Introduction to Approaches and Modalities in Postoperative Orbital Imaging

  • Daniel Thomas Ginat
  • Amin Ashrafzadeh
  • Suzanne K. Freitag


Determining if and when diagnostic imaging is required following ophthalmic and orbital surgery is very much an art. The primary radiological imaging modalities include radiography, computed tomography (CT), magnetic resonance imaging (MRI), and ultrasound. Each of these modalities has certain advantages and disadvantages as described below. Often the different imaging modalities serve complementary roles, and familiarity with each of these is important for optimal management. In many cases, the indications and suitable modalities are similar to those for preoperative imaging, and the ACR Appropriateness Criteria® orbits, vision and visual loss offers general guidelines. More detailed information is also provided in the subsequent chapters in this text. Ultimately, familiarity with the basic anatomy of the eye and orbit and the alterations that may result after treatment is critical for interpreting the imaging studies.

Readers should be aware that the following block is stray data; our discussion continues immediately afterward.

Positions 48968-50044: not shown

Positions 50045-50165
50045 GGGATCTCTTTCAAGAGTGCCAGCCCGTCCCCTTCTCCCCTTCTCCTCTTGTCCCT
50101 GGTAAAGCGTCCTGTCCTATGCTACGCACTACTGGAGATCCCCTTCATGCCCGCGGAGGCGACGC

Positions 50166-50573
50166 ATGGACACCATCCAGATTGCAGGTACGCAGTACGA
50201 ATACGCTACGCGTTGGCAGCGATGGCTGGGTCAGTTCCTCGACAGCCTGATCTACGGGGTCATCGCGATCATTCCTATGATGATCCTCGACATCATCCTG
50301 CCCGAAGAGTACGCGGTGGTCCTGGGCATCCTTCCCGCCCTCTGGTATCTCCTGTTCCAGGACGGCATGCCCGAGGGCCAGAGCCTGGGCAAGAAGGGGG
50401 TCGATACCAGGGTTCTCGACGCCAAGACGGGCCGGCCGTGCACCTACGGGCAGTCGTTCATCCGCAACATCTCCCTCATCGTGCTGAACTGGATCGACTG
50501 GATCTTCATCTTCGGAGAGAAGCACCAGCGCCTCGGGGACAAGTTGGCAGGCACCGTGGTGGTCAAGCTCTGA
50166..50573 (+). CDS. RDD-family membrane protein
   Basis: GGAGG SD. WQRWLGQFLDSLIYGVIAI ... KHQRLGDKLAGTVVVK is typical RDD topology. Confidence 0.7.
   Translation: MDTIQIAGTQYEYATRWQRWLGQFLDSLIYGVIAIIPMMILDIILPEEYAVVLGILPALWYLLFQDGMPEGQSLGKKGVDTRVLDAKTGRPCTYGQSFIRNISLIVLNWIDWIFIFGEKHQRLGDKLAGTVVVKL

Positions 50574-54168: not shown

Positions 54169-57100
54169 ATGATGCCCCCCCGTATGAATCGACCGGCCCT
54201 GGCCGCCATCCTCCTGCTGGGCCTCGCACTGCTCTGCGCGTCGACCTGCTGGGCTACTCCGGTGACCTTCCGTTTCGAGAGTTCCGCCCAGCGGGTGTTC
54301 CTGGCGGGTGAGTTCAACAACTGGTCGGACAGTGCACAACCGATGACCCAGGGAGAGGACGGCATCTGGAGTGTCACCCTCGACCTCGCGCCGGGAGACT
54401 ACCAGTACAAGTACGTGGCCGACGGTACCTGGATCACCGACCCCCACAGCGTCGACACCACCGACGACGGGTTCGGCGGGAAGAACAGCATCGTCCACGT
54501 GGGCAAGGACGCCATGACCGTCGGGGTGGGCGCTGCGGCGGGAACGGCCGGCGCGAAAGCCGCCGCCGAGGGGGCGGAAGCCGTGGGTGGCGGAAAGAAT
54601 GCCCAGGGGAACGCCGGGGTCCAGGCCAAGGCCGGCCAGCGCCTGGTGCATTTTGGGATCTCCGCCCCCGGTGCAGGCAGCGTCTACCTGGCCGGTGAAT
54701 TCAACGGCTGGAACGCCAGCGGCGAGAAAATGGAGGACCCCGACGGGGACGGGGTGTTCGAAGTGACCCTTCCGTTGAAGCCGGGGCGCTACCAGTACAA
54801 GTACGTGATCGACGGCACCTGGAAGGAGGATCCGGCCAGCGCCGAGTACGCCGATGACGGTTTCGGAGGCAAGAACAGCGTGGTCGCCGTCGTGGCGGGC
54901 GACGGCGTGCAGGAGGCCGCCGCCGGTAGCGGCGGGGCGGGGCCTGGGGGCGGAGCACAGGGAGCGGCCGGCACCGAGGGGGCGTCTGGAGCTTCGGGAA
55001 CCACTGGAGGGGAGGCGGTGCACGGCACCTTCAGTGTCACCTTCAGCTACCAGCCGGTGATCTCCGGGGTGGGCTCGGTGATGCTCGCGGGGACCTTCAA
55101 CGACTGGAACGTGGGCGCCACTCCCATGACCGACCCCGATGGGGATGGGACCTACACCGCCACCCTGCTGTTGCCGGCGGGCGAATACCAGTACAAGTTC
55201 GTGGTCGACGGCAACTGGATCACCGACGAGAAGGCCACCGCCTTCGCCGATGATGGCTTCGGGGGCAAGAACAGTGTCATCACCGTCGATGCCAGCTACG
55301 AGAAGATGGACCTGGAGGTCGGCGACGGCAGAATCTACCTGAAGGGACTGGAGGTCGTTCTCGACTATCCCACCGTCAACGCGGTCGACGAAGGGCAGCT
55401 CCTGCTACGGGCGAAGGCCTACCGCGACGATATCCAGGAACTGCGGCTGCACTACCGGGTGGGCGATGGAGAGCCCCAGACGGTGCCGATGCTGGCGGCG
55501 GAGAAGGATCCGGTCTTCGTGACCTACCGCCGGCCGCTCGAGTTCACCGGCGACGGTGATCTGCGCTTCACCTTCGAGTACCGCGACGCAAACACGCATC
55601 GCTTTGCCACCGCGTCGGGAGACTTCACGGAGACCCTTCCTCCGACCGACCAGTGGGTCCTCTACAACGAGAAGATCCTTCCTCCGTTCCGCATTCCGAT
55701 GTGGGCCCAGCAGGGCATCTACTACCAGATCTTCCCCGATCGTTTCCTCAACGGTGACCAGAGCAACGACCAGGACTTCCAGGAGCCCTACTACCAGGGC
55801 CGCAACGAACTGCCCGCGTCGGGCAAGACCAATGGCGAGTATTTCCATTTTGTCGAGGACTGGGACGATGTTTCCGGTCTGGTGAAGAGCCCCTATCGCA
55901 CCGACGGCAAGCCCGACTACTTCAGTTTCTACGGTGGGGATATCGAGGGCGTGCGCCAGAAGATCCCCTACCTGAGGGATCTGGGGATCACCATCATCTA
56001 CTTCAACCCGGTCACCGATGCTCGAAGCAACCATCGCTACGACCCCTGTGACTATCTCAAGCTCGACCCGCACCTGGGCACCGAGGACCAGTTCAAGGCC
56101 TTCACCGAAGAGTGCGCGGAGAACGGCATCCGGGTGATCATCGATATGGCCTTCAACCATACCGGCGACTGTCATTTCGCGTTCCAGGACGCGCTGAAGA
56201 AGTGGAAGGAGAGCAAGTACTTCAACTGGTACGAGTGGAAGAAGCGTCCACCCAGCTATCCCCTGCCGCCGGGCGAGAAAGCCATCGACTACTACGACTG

Optical Coherence Tomography Central Corneal Thickness Ultrasound Biomicroscopy Subsequent Chapter Lacrimal Drainage System 
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Copyright information

© Springer-Verlag Berlin Heidelberg 2015

Authors and Affiliations

  • Daniel Thomas Ginat
    • 1
  • Amin Ashrafzadeh
    • 2
  • Suzanne K. Freitag
    • 3
  1. 1.Head and Neck Imaging, Department of RadiologyUniversity of ChicagoChicagoUSA
  2. 2.Modesto Eye CenterModestoUSA
  3. 3.Ophthalmic Plastic Surgery Service, Department of OphthalmologyMassachusetts Eye and Ear Infirmary, Harvard Medical SchoolBostonUSA

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